The main takeaways from the picture are: 1) the blood supply to your hand (like your brain) is redundant. Notice that the radial and ulnar arteries join to form an arch and the blood supply to your fingers comes off of that arch. Thus, even if one artery is injured, your fingers get blood; 2) there are two arches – a superficial and deep arch. (Okay, three in this image, including the unlabeled one – I’ve never seen that third arch depicted and I haven’t dissected a palm lately to look for it. If I do, I’ll post an update.) This gives further redundancy; 3) the arteries to your fingers run up the sides. If your fingers are separated in gloves, more surface area is exposed to allow more heat to escape. Conversely, if your fingers are touching, they keep each other warm. Also, the pads at the tip are the last place to get blood – the vessels are pretty small by that point; 4) due to the multiple vessels running through your palm, if you tuck your fingers into a fist, the tips are warmed by the palmar blood.

As an experiment this week, I wore my big mitten from Empire Wool and Canvas Co on one hand. On the other I wore various liners under the mitten: 1) a thin polyester biking liner glove; 2) a full-fingered insulated biking glove [a spring and fall glove]; 3) a nitrile exam glove. While a glove was handy when I had to work locks and keys and mount a pannier, the mitten alone was warmer while riding. When my fingers got cold I had enough space inside to make a fist and warm them up. They warmed quickly due to direct skin-to-skin contact.

[An aside here: Clearly, the brain and the hand are important structures in humans. With the Circle of Willis in the brain and the palmar arches in the hand providing redundant blood supplies, our bodies have gone to great lengths to protect these structures. Think about that. Discuss among yourselves.]

Toes are also subject to frostbite. I could argue that they are easier to live without, but instead I’ll argue that you should protect them. Wool socks, liner socks if it’s really cold (I use silk for less bulk), and warm boots are essential. The longer you are out, the greater your chances of losing parts. Consider hand and foot warmers (battery-powered, or chemical pads that release heat when exposed to air).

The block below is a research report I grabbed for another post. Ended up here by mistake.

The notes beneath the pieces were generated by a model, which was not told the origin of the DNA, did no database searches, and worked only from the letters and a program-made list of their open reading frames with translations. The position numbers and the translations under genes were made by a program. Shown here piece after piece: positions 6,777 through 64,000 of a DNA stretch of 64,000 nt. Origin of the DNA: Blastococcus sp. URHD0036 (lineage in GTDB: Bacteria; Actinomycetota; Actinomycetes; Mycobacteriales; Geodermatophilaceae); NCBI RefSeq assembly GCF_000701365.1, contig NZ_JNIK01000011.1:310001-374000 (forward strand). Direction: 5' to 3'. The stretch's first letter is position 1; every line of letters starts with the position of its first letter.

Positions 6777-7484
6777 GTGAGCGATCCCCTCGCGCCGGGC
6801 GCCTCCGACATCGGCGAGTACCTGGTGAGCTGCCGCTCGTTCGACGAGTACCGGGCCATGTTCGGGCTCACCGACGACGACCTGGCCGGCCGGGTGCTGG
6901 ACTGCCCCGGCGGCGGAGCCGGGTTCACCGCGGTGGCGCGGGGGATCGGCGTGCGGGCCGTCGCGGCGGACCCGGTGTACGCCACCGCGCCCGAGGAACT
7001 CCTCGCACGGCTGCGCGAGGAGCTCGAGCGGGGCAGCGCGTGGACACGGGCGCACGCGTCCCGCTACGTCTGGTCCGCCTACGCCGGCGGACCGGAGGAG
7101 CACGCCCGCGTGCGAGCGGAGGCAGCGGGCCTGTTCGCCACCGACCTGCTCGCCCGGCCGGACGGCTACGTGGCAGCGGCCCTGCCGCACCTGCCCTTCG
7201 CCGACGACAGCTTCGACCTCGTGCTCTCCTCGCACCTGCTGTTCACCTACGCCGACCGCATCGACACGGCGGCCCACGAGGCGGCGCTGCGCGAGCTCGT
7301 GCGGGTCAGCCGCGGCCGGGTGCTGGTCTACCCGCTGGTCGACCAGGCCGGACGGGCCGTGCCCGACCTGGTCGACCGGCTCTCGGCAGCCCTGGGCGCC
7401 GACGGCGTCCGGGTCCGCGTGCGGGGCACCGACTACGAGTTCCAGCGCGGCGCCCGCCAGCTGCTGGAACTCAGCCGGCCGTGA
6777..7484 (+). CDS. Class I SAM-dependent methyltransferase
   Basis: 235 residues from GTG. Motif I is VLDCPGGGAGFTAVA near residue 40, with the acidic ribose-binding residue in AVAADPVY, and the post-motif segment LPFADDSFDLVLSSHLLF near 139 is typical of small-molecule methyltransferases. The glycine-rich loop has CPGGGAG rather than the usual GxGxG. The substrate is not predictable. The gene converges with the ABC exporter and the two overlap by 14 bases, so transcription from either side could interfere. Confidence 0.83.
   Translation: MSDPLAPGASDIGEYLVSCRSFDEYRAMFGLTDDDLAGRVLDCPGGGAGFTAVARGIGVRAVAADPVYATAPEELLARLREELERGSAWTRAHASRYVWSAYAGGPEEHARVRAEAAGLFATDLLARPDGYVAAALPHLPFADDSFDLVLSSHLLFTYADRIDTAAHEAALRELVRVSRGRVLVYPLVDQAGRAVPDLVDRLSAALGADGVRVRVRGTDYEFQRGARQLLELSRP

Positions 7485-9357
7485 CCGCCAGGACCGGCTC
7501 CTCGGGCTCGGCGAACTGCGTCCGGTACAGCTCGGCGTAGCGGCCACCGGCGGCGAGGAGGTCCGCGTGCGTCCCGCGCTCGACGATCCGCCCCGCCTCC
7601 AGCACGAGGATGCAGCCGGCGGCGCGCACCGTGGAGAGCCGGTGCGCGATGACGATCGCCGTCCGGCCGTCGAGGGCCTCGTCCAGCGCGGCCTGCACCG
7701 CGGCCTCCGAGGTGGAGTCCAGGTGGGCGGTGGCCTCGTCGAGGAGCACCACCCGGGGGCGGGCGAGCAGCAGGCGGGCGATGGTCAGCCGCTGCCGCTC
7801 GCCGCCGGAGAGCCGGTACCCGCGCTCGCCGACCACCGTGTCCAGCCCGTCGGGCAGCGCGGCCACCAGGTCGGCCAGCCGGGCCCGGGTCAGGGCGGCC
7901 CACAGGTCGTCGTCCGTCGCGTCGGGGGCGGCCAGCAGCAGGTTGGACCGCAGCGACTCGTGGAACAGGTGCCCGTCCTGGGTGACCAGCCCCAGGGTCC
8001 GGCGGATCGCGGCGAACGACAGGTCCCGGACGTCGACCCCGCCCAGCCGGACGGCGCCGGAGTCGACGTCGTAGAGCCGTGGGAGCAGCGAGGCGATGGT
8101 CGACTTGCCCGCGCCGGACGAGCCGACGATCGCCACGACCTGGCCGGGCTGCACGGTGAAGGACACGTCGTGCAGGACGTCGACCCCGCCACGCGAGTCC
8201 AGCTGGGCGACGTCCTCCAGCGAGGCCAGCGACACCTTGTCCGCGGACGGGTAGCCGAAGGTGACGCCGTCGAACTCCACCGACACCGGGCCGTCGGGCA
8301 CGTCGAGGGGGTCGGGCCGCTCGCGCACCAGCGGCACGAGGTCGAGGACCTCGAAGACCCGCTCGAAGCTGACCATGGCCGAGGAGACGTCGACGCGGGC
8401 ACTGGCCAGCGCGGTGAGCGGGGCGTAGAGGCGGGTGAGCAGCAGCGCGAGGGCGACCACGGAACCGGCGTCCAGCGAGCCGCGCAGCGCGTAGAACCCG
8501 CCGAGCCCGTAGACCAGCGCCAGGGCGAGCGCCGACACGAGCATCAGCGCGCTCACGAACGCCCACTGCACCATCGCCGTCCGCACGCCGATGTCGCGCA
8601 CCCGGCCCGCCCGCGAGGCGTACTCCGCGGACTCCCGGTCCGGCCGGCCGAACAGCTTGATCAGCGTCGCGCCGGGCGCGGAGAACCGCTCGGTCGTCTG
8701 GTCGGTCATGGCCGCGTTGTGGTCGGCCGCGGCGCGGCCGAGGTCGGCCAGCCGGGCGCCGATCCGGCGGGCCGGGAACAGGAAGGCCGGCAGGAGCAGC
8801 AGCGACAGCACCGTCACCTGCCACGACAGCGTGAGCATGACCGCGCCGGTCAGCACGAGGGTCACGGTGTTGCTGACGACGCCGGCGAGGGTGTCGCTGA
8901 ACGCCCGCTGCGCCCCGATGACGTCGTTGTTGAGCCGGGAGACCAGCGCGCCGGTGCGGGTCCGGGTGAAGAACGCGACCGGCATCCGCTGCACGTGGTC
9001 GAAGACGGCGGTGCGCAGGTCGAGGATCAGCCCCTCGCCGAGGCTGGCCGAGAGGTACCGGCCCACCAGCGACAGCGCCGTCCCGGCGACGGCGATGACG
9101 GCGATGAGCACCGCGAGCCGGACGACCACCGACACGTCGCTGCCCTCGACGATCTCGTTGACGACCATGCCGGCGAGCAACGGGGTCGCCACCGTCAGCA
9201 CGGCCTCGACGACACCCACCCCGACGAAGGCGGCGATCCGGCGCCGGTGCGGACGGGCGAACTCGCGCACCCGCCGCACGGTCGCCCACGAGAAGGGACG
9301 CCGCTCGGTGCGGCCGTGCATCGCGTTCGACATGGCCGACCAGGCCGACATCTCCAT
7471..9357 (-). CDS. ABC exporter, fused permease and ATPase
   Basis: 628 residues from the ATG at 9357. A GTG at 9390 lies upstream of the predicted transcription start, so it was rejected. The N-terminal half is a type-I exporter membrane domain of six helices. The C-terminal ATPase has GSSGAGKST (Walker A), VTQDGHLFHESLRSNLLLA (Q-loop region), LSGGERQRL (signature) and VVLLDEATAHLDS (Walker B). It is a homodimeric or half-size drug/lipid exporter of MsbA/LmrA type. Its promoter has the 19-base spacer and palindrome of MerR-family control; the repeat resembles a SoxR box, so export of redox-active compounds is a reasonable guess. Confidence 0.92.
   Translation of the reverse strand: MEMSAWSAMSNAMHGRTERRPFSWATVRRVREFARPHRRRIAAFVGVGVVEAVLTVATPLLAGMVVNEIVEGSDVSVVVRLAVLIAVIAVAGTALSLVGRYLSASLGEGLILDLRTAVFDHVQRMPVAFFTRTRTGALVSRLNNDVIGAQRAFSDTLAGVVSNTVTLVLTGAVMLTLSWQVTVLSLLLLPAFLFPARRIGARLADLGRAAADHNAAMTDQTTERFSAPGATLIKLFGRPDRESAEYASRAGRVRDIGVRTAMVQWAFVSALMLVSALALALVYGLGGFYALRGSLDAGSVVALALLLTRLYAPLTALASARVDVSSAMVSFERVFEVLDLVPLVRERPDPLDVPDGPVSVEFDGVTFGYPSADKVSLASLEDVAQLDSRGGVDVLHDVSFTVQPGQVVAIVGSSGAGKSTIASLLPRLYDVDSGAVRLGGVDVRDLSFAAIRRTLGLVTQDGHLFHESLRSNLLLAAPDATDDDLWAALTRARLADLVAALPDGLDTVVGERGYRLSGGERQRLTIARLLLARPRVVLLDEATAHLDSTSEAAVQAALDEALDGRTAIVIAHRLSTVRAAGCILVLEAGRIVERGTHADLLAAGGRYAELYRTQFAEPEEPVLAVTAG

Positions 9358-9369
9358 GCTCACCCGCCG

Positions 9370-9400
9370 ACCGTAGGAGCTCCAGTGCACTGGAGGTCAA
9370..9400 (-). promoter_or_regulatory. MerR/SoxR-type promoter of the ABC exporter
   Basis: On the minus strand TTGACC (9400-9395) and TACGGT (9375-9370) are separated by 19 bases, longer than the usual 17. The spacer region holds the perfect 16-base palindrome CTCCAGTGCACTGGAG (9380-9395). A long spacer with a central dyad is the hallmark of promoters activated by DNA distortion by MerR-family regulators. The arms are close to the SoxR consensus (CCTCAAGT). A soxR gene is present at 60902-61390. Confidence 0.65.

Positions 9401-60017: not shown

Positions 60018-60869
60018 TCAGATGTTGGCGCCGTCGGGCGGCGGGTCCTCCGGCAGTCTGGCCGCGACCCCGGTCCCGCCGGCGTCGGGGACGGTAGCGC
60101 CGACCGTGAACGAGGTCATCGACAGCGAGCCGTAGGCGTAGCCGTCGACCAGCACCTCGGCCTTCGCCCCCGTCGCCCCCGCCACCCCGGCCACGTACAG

You’re out in the cold. You notice your fingertips are getting cold. DO something! Get inside if possible. Move (your body in general, your hands and feet in particular). Get your hands out of the wind. Make fists. Stick your hands in your pockets (with mittens on if possible) or in your armpits (without mittens). (Zip your jacket back up to preserve core heat.)

Did you fail to do any of those and your fingers stopped feeling cold? Did they stop feeling anything? If you squeeze your fingertip, is it hard and you don’t feel it? Are your fingers stiff? Warm them up!

Do NOT rub snow on them. Do NOT run hot or cold water on them. You are trying to rewarm them to body temperature. Use water about that temperature. Feel it with an unfrozen body part (like an elbow or another person’s hand), because your frozen fingers can’t tell how warm it is and you don’t want to burn them on top of the frostbite.

When the skin has turned white and the tissue has frozen, there is no blood supply. The tissue will die if not rewarmed. As it rewarms, it will hurt. Deep frostbite can cause lasting damage. If in doubt, get to a doctor, preferably a regional burn center.

Deep frostbite will blister. The skin will turn purple. It will look like a bad bruise. That is essentially what you have – damaged and leaky capillaries that allow blood to flow into the interstitial spaces and cause the skin to look purple; clots that prevent flow into and out of small vessels. From there, one of two things happens: either it slowly returns to normal color, or it turns black, mummifies, and eventually falls off (which is known as auto-amputation). I am not going to include pictures of any of this. If you really want to see that, Dr Google will show you pictures of what happens when you get deep frostbite. Suffice to say that I have worked with people with fingers that were amputated at the first joint, leaving nubs (which can be surprisingly functional, but I don’t recommend you try it), and with people who lost their fingers (and legs, for that matter) entirely. I’ve seen it so you don’t have to.

Deep frostbite requires a doctor’s care – in a hospital. For the first 72 hours we encourage the patient to move their fingers actively but, unlike burns, we don’t move them passively – that could cause further damage to deep tissues. After initial warming, the fingers will have to rewarm from the inside out. Medications can improve circulation and re-establish blood supply before tissue dies (like the treatment to cerebral arteries after a stroke, or in the lungs after a pulmonary embolism). The body will scavenge dead tissue. That process can cause further complications that you can’t manage by yourself.